Differences in requests to out-of-hours services in Norway

Elisabeth Holm Hansen, Steinar Hunskår About the authors
Artikkel

There is no regular national recording of information regarding the out-of-hours services in Norway; e.g. the number of requests, who makes the requests, the degree of emergency or what action has been taken. In some places local records are available on the number of requests to casualty clinics or local Medical Emergency Communication Centres (LEMC), the number of consultations and other types of information, but different definitions have been used and recording is not done in the same way, so comparisons are not possible. The Norwegian Labour and Welfare Organisation (NAV) have information of interest in this context (e.g. reimbursement card for GPs), but this is not available for the public.

One of the responsibilities of the National Centre for Emergency Primary Health Care (1) is to contribute to public statistics, survey development trends and provide a basis for research projects. The Centre has therefore planned The Watchtower Project, which is to record relevant data from a representative selection of municipalities or out-of -hours districts. As an introduction to the project, a pilot study was undertaken at three different types of casualty clinics in the spring of 2006. The main aim of this study was to test the groups of variables, the method of recording and the practical conditions and to give a first indication of the extent and distribution of requests, consultations, priority grades and action taken at casualty clinics in Norway. Data from the pilot study form the basis of this article, which concerns requests to out-of-hours services and the action taken in response.

Material and methods

Three casualty clinics took part in the pilot study in response to an open invitation given to clinics and at conferences. Tromsø’s out-of-hours service represents a larger town (63 596 inhabitants), Nordhordland’s service is an intermunicipal cooperative that covers seven municipalities (29 021 inhabitants) and Nes is a medium-sized central rural district (18 022 inhabitants) (2). All three had an organized out-of-hours service with a 24-hour clinic with nurses. The Tromsø - and Nordhordland services had nurses and a doctor in their clinic at all hours, whereas Nes had a doctor on duty in another location than the nurse during the day on weekdays.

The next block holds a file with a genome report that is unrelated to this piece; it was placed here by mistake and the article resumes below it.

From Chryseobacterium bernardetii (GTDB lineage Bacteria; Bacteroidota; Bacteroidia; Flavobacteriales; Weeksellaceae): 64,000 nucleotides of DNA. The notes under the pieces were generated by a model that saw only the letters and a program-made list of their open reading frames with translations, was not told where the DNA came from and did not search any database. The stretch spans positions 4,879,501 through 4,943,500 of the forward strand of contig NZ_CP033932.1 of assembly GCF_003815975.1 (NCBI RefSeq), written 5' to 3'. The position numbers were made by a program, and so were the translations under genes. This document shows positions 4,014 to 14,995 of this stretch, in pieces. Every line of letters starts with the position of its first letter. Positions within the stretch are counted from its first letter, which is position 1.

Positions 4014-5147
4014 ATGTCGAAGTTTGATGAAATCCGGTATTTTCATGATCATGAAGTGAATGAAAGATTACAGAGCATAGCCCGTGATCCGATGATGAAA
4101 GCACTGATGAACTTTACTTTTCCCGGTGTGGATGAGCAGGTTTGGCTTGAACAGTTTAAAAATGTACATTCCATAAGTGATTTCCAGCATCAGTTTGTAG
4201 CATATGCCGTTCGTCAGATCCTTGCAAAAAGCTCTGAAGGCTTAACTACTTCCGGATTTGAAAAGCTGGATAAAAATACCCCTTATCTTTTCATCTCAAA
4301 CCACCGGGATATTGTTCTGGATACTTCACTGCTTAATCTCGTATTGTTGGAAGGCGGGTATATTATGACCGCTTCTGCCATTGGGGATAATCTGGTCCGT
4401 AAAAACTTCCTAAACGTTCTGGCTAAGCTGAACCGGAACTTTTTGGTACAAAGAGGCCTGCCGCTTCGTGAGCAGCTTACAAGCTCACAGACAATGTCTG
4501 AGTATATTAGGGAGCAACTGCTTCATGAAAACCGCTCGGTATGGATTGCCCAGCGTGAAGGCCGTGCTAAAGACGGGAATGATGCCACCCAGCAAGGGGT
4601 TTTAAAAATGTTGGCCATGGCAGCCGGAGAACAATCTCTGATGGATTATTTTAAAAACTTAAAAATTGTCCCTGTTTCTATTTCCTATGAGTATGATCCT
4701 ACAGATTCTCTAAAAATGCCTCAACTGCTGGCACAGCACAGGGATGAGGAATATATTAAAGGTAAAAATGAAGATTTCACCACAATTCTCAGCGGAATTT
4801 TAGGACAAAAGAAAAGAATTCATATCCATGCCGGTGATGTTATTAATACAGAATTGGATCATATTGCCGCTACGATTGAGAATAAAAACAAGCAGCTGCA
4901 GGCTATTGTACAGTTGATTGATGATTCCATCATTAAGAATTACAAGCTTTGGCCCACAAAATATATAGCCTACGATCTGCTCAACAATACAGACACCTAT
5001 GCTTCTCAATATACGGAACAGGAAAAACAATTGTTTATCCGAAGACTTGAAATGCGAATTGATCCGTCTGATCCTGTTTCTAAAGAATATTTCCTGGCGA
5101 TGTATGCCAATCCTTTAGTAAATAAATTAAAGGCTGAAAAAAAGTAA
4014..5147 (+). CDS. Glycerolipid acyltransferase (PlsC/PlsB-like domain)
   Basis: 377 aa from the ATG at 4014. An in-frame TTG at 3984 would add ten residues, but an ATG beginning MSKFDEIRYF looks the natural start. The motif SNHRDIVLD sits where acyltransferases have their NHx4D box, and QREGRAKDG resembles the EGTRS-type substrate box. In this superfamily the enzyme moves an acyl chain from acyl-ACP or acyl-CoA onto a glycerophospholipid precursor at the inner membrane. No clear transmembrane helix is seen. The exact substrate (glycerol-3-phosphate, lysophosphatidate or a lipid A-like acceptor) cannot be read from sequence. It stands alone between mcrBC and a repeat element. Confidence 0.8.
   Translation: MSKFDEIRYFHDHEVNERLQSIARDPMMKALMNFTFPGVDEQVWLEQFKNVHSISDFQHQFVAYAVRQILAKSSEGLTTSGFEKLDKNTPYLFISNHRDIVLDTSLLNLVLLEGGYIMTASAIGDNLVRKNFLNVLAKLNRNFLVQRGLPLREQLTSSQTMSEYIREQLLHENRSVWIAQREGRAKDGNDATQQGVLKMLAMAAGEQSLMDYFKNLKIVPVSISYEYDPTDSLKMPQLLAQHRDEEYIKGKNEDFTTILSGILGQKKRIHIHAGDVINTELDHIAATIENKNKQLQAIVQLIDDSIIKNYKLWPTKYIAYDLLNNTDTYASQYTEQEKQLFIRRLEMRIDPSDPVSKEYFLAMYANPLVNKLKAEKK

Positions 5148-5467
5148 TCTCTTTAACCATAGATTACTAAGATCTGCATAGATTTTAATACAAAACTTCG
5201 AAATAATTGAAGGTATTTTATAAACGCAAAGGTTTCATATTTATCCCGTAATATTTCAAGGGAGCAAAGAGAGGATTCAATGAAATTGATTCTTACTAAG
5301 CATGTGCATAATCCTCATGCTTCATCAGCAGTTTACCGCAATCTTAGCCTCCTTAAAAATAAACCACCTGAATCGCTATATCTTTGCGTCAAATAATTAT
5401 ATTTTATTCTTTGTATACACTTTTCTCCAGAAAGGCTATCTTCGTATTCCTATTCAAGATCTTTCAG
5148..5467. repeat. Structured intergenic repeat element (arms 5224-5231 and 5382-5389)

The three casualty clinics recorded all requests at all hours for four weeks from 6.3. 2006 to 2.4. 2006. The following variables were recorded for each request/patient: home municipality (number and name of municipality), year, week number, day of the week, time of day or night, sex, age, mode of contact, degree of urgency and action taken. Diagnoses, symptoms or problems were not recorded for the requests. The time of day was defined as day (8 am - 3 29 pm), evening (3 30 pm - 10 59 pm) and night (11 pm - 7 59 am). The degree of urgency (priority grade) was measured according to the Norwegian Index for Medical emergency Assistance (Triage box 1) (3). Data were collected at the individual level and each request counted as a unique entry in the matrix. Data from each week, Monday 00:00 hrs up to and including Sunday 24:00 hrs of the same week, were sent to the National Centre for Emergency Primary Health Care by the end of the following Wednesday.

Box 1

Definition of priority grades in accordance with the Norwegian Index for Medical emergency Assistance (and triage) (3)

Green priority: Normal

  • Able to wait for the first suitable opportunity. Local instructions should be worked out for dealing with these cases according to the time of day or night

Yellow priority: Urgent

  • A possibly serious condition where the vital functions may be under threat and there is need for a rapid assessment by a doctor

Red priority: Acute

  • Critical condition which is life-threatening or potentially life-threatening, where the vital functions are unstable or under threat

The nurses on duty did the recording. All variables and possible interpretations were explained and clarified with all the nurses and their leaders at meetings with the project leader before the start of the project. The form to be used for recording was also tested out by the clinics beforehand. The nurses were responsible for recording requests to the out-of-hours service consecutively, whereas quality assurance and submitting of data was delegated to a defined project coordinator at each clinic. The project coordinator was to ensure that data from all requests were correctly recorded each week.